It’s blog hop time! My piece is short, a flash-fiction story clocking in at exactly 500 words. I’m pretty nervous to share it, and super excited to read the rest of the stories in the hop. Anyway, without further ado, I present Body Double.
Disclaimer: This story features mild references to violence.
I gazed out the glass wall of my apartment, trying to admire the skyscraper-studded view while ignoring the sounds of the 127th Academy Awards streaming behind me.
I didn’t know why I’d even turned it on—but as the level of wine in my bottle fell, so did my resolution not to watch it.
When they prepped to announce the winner for Best Actress, I couldn’t stand it any longer. I polished off the bottle, walked over, and plopped myself on the couch in front of the screen.
The video cut to an image of my twin in red dress, beaming stupidly with equal parts shock and delight.
Getting awarded for my work.
Her speech, complete with crocodile tears, didn’t include a single mention of me.
Come morning, I woke to the sound of someone banging on my front door. Bleary-eyed and hungover, I got up from the couch and walked over, not bothering to check my appearance—or the peephole—first.
When I flung open the door, Lucia stood before me, looking airbrushed as usual. Though we’d shared a face since birth, somehow Lucia always looked better. And she never let me forget it.
Lucia appraised me with her eyes and smirked. “Hello, Kassia. May I?” she asked.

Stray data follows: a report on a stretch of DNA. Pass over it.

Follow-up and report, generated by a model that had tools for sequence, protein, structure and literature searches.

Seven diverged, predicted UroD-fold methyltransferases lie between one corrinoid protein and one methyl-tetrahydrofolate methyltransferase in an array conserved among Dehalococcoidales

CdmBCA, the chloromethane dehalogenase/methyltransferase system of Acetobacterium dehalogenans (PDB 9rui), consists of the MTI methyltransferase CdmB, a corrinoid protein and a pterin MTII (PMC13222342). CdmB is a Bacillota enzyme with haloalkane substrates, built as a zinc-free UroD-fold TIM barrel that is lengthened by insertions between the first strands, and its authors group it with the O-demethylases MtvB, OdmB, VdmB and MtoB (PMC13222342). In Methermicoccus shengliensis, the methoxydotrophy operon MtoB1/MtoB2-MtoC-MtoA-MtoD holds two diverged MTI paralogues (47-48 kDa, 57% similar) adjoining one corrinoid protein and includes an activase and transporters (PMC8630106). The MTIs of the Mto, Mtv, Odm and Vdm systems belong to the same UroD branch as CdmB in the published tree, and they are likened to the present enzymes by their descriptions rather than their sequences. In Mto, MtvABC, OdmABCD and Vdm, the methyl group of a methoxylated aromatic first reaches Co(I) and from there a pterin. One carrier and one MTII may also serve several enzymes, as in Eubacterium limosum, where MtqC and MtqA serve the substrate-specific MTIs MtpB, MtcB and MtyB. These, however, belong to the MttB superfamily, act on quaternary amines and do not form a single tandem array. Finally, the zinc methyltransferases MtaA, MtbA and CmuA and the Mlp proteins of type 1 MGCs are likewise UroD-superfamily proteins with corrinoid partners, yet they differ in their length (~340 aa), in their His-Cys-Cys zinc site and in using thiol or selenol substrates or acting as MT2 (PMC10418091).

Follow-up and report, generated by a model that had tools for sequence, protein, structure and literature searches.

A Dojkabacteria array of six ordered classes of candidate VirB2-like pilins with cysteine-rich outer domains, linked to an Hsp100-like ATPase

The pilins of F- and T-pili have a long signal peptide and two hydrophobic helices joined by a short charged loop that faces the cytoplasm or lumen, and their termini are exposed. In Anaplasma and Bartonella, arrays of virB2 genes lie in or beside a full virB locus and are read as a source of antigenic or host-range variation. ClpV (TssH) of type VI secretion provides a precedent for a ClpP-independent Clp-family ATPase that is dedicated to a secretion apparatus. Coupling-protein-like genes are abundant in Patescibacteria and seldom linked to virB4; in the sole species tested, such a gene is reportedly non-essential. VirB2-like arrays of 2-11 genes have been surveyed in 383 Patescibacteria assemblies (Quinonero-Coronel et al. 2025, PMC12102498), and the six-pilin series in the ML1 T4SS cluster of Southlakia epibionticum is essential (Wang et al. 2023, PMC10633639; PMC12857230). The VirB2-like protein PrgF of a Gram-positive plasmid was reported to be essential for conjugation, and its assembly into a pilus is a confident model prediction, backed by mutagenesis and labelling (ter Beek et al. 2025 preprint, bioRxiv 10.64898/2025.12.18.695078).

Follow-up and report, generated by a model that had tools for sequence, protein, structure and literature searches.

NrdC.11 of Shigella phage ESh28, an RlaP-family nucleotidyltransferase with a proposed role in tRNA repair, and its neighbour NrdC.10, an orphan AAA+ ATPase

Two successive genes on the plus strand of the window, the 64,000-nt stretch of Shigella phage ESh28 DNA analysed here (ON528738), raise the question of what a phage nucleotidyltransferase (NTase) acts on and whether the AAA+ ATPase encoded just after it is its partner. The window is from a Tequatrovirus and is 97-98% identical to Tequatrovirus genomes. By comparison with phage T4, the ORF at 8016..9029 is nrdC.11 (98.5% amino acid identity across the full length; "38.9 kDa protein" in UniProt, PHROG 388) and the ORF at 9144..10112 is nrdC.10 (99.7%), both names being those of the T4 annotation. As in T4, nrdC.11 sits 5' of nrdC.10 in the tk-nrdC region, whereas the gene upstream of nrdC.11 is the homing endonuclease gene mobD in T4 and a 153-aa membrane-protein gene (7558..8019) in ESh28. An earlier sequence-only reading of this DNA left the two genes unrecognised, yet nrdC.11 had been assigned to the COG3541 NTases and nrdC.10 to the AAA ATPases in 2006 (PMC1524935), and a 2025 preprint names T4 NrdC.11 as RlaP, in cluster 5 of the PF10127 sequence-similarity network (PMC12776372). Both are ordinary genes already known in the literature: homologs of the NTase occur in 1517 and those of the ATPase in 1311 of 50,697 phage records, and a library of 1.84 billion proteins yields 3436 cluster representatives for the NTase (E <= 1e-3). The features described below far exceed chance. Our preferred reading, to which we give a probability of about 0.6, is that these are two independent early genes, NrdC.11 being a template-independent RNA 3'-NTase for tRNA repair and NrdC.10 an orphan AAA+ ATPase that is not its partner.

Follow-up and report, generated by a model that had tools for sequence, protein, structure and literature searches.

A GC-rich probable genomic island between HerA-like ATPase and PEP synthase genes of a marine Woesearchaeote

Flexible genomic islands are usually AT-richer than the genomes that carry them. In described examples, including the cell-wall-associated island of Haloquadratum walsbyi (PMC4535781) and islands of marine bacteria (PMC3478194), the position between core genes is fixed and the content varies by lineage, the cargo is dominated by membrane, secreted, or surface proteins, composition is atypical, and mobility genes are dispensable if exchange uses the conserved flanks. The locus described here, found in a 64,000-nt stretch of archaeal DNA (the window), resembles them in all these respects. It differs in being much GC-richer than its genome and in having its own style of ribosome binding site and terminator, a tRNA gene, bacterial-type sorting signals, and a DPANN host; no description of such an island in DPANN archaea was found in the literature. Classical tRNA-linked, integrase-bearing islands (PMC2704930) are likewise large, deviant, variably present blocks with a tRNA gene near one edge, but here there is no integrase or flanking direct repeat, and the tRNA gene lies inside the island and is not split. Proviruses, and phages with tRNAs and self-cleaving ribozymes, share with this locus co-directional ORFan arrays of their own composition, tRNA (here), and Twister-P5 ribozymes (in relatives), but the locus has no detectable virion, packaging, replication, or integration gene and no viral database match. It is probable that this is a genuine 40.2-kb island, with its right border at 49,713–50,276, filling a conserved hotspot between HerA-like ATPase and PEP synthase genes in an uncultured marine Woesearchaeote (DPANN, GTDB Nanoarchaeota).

I tried closing the door, but she pushed against it. I wanted to slam it on her hand and break a few of those manicured fingers. Instead, I relented, and she strode inside. She seated herself at the head of my dining table and chewed on the end of her scarf, a habit she’d picked up in our childhood specifically to irritate me.
“You didn’t come support me last night,” she said, after I finally took a seat.
“I can’t imagine why not.”
“Oh, don’t be bitter—it’s not a good look on you. And there’s really no reason to be upset. ”
“Seriously? That award is mine.”
“Please,” she said, waving her hand. “So I got sick, and you covered me for a couple shots—“
“Try a couple weeks.”
“—I did all the real work.”
“You’re joking. You weren’t even in the scenes people are raving about, or the clips they played last night. That was all me!”
Lucia rolled her eyes. “Don’t give yourself so much credit. You’re good, Kassia. But I’m better.”
“Even if that were true—which it’s not—that doesn’t mean you can steal my work! I’m not asking you to give everything up, just to give me some credit. Do I not deserve that?”
She shrugged. “Look. The film industry doesn’t need two of us, and you just don’t have that je ne sais quoi that celebrity requires. I do. I won’t apologize for that.”
I don’t remember strangling her—if I used my bare hands, or that stupid scarf of hers.
I do remember stringing her up and staging it as my own suicide, complete with note.
And I’ll always remember the thrill of polishing my Oscar for the first time.
Check out the other stories!
Kris Bowser: Tantrums
Virginia McClain: Rakko’s Storm
Grace Robinette: Georg Grembl
Elizabeth McCleary: The Door
Dale Cozort: Two Letters In A Fireproof Box
Katharina Gerlach: Canned Food
Rabia Gale: Spark
K. A. Petentler: The Twisted Tale of Isabel
Shana Blueming: Paper & Glue
Amy Keeley: To Be Prepared For Chocolate
Cherie “Jade” Arbuckle: After I Died
Karen Lynn: The Family Book
Angela Wooldridge: An Alternative to Frog
Thea van Diepen: Are You Sure It’s That Way?
Paula de Carvalho: Body Double